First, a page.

Researchers continue to evaluate the effectiveness of commercial online video image analysis systems to predict meat tenderness. Previous studies indicated that objective measurements of muscle color were related strongly enough to beef tenderness that carcasses could be sorted for tenderness according to color measurements.
Pilot research at Colorado State University (CSU) with computerized video image system prototypes reduced, but did not eliminate carcasses that generated steaks that were tough or unacceptable in overall palatability. The researchers reported that with further development video image analysis might ultimately be useful for sorting carcasses in branded beef programs that make claims or assurances of tenderness.
Recently CSU meats scientists reported that Computer Vision System (CVS) equipment and a BeefCam module was used to obtain online tenderness measurements at packing plant at chain speeds.
Longissimus muscle (LM) samples from the rib or strip loin were obtained from each carcass and Warner-Bratzler shear force (WBSF) was measured after 14 days of aging. The CVS BeefCam output variable for LM area, adjusted for carcass weight, was correlated with WBSF values in all experiments. The CVS BeefCam lean color measurements were effective in all experiments for segregating carcasses into groups that produced LM steaks differing in WBSF values.
Therefore, the researchers report that online measurements of beef carcasses using CVS-BeefCam were useful for predicting the tenderness of beef steaks. They says sorting carcasses at chain speeds using this equipment could aid in producing groups of beef carcasses with more uniform tenderness.
(J. of Anim. Sci., Feb. 2003. 81:457-465 and 81:441-448.)
Lifetime implant protocols can affect both the eating quality and tenderness of beef. Colorado State University meats and animal scientists investigated repetitive use of anabolic implants on beef carcass quality, tenderness and consumer ratings for palatability using crossbred steer calves. Cattle were implanted at some or all of five phases of production (branding, weaning, backgrounding, feedlot entry or reimplant time).
The researchers found:
Implanting steers at branding, weaning or backgrounding vs. not implanting steers at these production stages did not affect marbling scores.
Steers implanted twice during their lifetime produced carcasses with higher marbling scores than did steers receiving a total of four or five implants
Steaks obtained from carcasses in the control group had lower shear force values and were rated by consumers as more desirable for tenderness than steaks obtained from carcasses in all other treatment groups.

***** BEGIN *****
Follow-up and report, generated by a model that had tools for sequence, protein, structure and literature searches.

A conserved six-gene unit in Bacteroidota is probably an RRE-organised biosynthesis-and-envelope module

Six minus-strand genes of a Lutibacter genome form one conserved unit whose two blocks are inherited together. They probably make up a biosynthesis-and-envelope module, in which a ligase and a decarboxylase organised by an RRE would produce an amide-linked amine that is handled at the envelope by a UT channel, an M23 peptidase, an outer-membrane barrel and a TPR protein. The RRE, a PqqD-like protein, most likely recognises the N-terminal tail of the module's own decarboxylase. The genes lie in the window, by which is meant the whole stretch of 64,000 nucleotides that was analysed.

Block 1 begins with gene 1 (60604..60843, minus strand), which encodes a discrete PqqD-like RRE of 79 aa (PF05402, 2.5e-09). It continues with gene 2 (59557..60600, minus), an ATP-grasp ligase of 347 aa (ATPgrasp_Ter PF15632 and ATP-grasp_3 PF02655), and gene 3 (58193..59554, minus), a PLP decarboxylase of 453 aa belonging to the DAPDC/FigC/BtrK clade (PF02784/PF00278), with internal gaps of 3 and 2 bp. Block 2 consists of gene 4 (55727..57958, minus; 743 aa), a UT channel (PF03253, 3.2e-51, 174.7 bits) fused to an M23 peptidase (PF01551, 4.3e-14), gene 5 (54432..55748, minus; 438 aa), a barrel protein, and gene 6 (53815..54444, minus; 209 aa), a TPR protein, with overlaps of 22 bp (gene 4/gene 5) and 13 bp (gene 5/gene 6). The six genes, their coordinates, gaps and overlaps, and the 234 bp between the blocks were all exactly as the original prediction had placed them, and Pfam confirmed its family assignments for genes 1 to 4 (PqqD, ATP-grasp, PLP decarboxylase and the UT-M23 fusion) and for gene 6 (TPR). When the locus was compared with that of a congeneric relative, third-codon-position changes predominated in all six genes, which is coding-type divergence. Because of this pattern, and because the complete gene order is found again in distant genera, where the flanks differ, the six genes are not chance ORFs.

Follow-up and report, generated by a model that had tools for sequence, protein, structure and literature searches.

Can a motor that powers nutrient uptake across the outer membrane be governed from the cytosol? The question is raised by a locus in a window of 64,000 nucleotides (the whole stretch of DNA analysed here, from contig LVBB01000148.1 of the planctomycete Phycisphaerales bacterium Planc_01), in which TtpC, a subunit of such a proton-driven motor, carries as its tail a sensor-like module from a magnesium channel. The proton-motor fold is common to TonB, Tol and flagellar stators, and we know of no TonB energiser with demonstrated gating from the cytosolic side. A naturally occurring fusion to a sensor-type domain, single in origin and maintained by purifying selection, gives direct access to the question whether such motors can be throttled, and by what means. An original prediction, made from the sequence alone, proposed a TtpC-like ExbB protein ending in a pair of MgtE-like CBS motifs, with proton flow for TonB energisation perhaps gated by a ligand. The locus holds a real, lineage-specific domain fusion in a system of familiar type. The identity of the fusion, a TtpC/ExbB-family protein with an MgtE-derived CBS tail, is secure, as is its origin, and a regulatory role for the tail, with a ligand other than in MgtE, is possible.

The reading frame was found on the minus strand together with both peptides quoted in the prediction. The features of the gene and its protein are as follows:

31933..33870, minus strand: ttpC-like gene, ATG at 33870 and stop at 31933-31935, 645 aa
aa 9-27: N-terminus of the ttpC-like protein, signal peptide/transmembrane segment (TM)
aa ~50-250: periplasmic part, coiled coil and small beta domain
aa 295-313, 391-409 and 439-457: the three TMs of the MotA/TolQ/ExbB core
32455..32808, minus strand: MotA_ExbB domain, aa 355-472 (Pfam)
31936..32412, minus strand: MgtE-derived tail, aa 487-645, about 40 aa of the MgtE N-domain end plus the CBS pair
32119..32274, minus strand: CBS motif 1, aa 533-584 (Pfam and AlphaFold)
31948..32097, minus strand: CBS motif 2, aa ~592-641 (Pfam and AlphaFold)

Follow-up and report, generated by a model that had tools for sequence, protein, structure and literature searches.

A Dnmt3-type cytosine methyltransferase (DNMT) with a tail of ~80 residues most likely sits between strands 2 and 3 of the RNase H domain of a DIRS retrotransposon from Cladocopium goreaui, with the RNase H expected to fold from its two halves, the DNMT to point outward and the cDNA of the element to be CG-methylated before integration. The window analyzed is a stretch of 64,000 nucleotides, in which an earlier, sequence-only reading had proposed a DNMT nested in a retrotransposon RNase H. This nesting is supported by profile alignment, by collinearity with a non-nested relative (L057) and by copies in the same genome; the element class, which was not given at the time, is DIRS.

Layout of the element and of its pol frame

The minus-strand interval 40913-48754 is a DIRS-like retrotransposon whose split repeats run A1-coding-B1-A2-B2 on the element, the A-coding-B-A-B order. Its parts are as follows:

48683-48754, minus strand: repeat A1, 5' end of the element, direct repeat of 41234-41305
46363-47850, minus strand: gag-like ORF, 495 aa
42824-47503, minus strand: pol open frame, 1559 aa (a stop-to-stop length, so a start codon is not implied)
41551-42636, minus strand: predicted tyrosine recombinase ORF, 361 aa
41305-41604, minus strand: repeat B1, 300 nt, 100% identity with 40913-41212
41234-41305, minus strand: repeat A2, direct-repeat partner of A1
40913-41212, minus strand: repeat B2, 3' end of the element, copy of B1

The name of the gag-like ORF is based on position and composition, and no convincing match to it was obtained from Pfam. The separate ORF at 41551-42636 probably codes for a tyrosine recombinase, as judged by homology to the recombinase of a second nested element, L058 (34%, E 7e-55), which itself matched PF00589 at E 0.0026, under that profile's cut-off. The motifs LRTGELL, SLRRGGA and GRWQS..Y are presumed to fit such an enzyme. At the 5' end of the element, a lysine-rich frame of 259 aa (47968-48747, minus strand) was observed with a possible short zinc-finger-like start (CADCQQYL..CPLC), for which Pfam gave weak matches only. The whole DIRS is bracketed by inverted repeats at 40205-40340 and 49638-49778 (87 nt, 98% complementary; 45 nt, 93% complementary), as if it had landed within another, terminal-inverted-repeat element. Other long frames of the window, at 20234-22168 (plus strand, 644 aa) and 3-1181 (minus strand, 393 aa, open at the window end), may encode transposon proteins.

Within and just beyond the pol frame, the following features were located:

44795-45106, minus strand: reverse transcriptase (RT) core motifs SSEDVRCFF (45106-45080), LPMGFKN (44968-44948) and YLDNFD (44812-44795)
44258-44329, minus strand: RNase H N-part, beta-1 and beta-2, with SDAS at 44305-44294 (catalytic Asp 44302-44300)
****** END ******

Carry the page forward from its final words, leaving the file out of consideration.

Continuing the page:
Implanting steers at branding or weaning production stages did not affect steak shear force values, consumer ratings for like/dislike of steak tenderness, or percentage of consumers rating overall eating quality of steaks as satisfactory.
Implanting steers at backgrounding vs. not implanting steers at this production stage increased steak shear force values, but did not influence consumer ratings for like/dislike of steak tenderness or percentage of consumers rating overall eating quality of steaks as satisfactory.
Steaks from nonimplanted steers were rated as more desirable for overall eating quality than steaks from steers implanted two, three, four or five times.
Use of implants increased average daily gain by 11.8 to 20.5% from weaning to harvest compared with nonimplanted controls.
Implant strategies increased hot carcass weight of steers by 8.9 to 13.8% compared with the control group.
Use of implants also increased longissimus muscle area and decreased estimated percentages of kidney/pelvic/heart fat, but did not affect dressing percentage or adjusted fat thickness.
The authors say this study emphasizes the importance of choosing implant programs based on specific marketing targets for cattle. Producers retaining ownership of steer calves destined for marketing on a “quality-oriented,” value-based grid, may choose not to implant cattle until backgrounding or feedlot entry in order to minimize the risk of detrimental effects on beef quality associated with “aggressive” lifetime implant strategies.
The effects of lifetime implant protocols on beef acceptability may be of particular interest to vertically coordinated branded beef programs interested in maximizing quality, consistency, and tenderness of their beef products. J. Anim. Sci. April 2003. 81:984-996